By: Leizer Goldsmith
Have you been sexually harassed on the job? If so, you need to understand that you can only recover damages from your employer if the circumstances of the harassment make the company, and not just the harasser, liable for the harm you have suffered.
Sometimes harassment comes in the form of a “tangible employment action,” such as a refusal to promote if sexual favors are not granted. In such cases, the company or organization is always considered responsible. However, many sexual harassment situations are “hostile environment” cases, where the harm comes from the harasser's simply making life miserable for the victim. In that type of case, in order to recover from the company, the victim must prove that the harassment was “severe and pervasive” and “unwelcome”. If she can do so, the company can still avoid responsibility by proving that it exercised “reasonable care” to prevent and correct promptly any harassing behavior, and that the victim “unreasonably” failed to take advantage of preventive or corrective opportunities provided by the employer to avoid harm.
In practice, reasonable care often requires that the company institute a harassment complaint procedure, and make sure that employees are aware of the procedure and able to access it. In addition, a company is expected to take preventive and/or corrective action once it learns that harassment has occurred. If you are being harassed and your company offers such a procedure, you probably need to attempt to get relief through that system before a court will seriously entertain your case. Note however, that if, as is often the case, the harassment campaign is being conducted by an officer of the company, you may not need to use the internal complaint procedure before complaining to a fair employment practice agency such as the Equal Employment Opportunity Commission, or going to court.
If you've been harassed and protested it to the company, and the company has taken some kind of action, how do you determine if the action is enough to satisfy the company's legal obligations, or if you should file a complaint? That's a tough question, and there is no single answer. Two recent cases illustrate how different results might occur.
In one recent case, Stuart v. GMC, the United States Court of Appeals for the Eighth Circuit, which handles cases arising in Missouri, Arkansas and other states in the central United States, noted that factors a court should consider in determining whether remedial measures are sufficient include: the amount of time elapsed between the notice of harassment and the remedial action, the options available to the employer to correct the harassment– such as employee training sessions– disciplinary action against the harasser, reprimands in personnel files and terminations. The Court also stated that consideration should be given to whether or not the measures succeeded in ending the harassment.
Another recent case from that same court demonstrates the Eighth Circuit's practical approach to the issue. In Hubbard v. UPS, the Plaintiff testified that she was a victim of persistent offensive behavior by co-worker . First, the co-worker had thrown things at her. UPS entered a disciplinary notation on his record, and no further throwing occurred. Later, the co-worker pulled out the waist band of his pants in front of Hubbard and a male co-worker. When Hubbard objected, Dallas exposed himself with the comment that he had nothing to hide. The next day, Hubbard met with a UPS and related what had just happened. During the meeting, Hubbard said she did not want the co-worker to lose his job. UPS supervisors promptly met with the co-worker, explained UPS's sexual harassment policy, and warned him. UPS transferred the co-worker to a location far from Hubbard, noted Hubbard's allegations in his personnel record, and warned him that further harassment or retaliation against Hubbard would result in his termination. Hubbard testified she had been satisfied with these actions.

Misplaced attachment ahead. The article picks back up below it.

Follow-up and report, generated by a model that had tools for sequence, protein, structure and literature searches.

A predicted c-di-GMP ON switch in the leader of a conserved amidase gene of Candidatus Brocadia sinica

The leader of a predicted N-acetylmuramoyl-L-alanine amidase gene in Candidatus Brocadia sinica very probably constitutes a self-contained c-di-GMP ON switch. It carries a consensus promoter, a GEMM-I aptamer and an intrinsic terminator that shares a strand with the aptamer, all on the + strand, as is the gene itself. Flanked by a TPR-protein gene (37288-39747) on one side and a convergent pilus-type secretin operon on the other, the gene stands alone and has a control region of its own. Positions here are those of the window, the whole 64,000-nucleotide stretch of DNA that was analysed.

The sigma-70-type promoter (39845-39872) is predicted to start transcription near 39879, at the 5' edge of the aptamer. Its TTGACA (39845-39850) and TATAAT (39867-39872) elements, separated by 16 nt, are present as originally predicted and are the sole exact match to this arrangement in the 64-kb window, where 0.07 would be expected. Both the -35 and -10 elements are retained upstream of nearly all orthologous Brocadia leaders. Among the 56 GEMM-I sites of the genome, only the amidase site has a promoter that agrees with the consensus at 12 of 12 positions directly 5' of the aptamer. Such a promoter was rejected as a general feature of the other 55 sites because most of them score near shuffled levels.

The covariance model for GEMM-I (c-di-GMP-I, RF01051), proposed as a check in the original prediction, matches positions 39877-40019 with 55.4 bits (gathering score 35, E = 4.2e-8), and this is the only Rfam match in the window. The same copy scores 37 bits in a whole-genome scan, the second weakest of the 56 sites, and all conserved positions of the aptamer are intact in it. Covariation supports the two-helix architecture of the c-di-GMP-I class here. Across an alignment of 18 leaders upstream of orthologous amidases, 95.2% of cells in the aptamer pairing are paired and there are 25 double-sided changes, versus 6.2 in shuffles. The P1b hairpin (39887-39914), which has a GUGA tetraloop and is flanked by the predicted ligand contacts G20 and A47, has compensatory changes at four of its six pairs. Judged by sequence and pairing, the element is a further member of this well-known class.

Under these circumstances, the Eighth Circuit found UPS' response sufficient and upheld the judgment for UPS that the trial court had granted.
In another case, Howley v. Town of Stratford, the United States Court of Appeals for the Second Circuit (which covers New York and Conncecticut) came to a different conclusion . In that case, Howley, a female firefighter, was subjected to a cursing, sexually explicit tirade during a public meeting by a lower-ranked firefighter, who later spread false rumors to undermine Howley with subordinates and refused to follow her orders. The town suspended the harasser for two days– five weeks after the event– and recommended that he apologize, which he did not. The Second Circuit found the town's response insufficient, and ordered that Howley was entitled to a trial to prove her claim of hostile environment sexual harassment.
Howley teaches that just doing something does not excuse the company for harassment conducted by its employees on the job. However, Hubbard shows that a response that is firm, though perhaps short of termination of the harasser, may sometimes be sufficient. If you are being harassed on the job, determining if you can successfully sue your employer depends both on the severity of what you have experienced, and the nature of the company's response.